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Illness Facts

The links below give an overview of some common ailments.

If you are not sure if your child's symptoms warrant a visit to our office, take a look at the descriptions below to help you with your decision.

If you are still not sure, it is best to contact us just in case.

Illness Facts

illness facts

Dunwoody Pediatrics || Illness

For detailed information on common child and infant ailments you can visit the "Childhood Diseases" CDC's website

Head Lice

Head lice are tiny insects that live on the scalp. They lay eggs, called nits, which stick to hair very close to the scalp. Head lice do not spread disease. Having head lice does not mean you are not clean. Head lice are very common among young children, especially in childcare centers.

How are head lice spread?

  • Head lice spread through direct contact among children or indirectly on items such as hats, combs, hairbrushes, and headphones. They don't fly or hop, but they can crawl very quickly. Although head lice often make the scalp itchy, it is possible to have them without any symptoms.
  • Head lice can't live on pets, such as cats or dogs.
  • Head lice can live up to 3 days off the scalp. Although the eggs can also survive for up to 3 days, they need a warm environment to develop. They are not likely to hatch at room temperature.

How can parents tell if their child has head lice?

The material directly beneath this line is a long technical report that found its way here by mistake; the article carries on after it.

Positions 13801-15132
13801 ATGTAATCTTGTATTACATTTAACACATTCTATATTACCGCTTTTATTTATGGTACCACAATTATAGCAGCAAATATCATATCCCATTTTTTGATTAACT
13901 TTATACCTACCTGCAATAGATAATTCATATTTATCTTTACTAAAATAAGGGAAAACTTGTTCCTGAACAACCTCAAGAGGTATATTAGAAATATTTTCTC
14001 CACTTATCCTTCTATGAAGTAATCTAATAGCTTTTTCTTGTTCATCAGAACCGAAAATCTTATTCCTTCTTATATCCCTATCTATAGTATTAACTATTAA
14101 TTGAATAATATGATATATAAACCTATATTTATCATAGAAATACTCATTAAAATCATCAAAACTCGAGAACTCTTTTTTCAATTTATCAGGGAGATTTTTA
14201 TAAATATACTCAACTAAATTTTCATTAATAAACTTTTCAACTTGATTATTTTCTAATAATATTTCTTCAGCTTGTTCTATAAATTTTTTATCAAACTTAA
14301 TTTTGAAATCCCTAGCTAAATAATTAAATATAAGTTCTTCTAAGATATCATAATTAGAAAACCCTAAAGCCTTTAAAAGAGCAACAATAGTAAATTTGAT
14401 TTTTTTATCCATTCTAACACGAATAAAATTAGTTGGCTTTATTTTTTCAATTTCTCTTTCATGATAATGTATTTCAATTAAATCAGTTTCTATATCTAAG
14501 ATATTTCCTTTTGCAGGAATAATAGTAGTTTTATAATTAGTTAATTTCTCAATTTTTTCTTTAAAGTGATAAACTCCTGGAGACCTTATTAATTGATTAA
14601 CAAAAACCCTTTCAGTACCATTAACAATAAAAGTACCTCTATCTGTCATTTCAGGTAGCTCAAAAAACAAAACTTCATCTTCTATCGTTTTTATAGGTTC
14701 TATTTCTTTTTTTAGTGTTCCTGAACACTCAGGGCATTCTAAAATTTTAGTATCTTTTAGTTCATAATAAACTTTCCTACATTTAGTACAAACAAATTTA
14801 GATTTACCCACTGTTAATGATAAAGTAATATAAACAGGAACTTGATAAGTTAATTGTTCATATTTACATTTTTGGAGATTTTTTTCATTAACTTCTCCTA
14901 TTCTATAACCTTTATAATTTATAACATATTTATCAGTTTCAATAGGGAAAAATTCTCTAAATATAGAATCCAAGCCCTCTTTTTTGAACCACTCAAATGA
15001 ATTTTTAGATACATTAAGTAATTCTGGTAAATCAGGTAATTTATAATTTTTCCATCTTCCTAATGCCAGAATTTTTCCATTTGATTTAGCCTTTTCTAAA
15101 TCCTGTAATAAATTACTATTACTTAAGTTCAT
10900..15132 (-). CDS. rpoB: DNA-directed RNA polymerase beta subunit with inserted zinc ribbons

To diagnosis a case of head lice, you need to find live lice. On average, children with head lice will have no more than 10 to 20 live lice. They move fast, and are only about the size of a sesame seed. So they can be hard to find. Finding nits, or eggs (which are bigger and easier to see), close to the scalp suggests that there may be a case of head lice. Remember, though, that a child can have a few nits without actually having a case of head lice. If you think your child may have head lice, check the hair for nits immediately, after one week, and then again after two weeks if another child has head lice.

What to look for:

One of the first signs of head lice is itching and scratching the head. Still, it's possible to have head lice without any symptoms. Adult lice, which are 2-4 mm long, are hard to see. The nits (eggs) are easier to see. Nits are grayish-white and oval shaped. Nits are firmly attached to the hair close to the scalp. They may look like dandruff but cannot be flicked off.

How to check :

Good lighting is important. Look for nits by parting hair in small sections, going from one side of the head to the other. Check carefully, looking close to the scalp. close to the scalp, behind the ears, the back of the neck, and the top of the head.

How can head lice be treated?

There are a number of very effective treatments for head lice. All the treatments contain an insecticide that kills the lice.

  • pyrethrin (found in R+C® shampoo/conditioner)
  • permethrin (Nix® or Kwellada-P®)
  • any over the counter treatment for head lice

You don't need a prescription for these products. Follow package directions carefully and read any precautions. Don't leave the shampoo or rinse in hair longer than directed. Rinse hair well after the treatment. It's best to do the treatment and rinsing over a sink, not in the bath or shower, so that other parts of the body don't come in contact with the product. Be sure to repeat the treatment in 7 to 10 days. Do not treat anyone with a head lice product unless you find lice in their hair. Check family members (adults and children) if someone in the house has head lice. Sometimes, the treatments will make the scalp itchy. If your child is scratching after treatment, it doesn't necessarily mean the lice are back. You need to find live lice to make this diagnosis.

Should the house be disinfected if someone has head lice?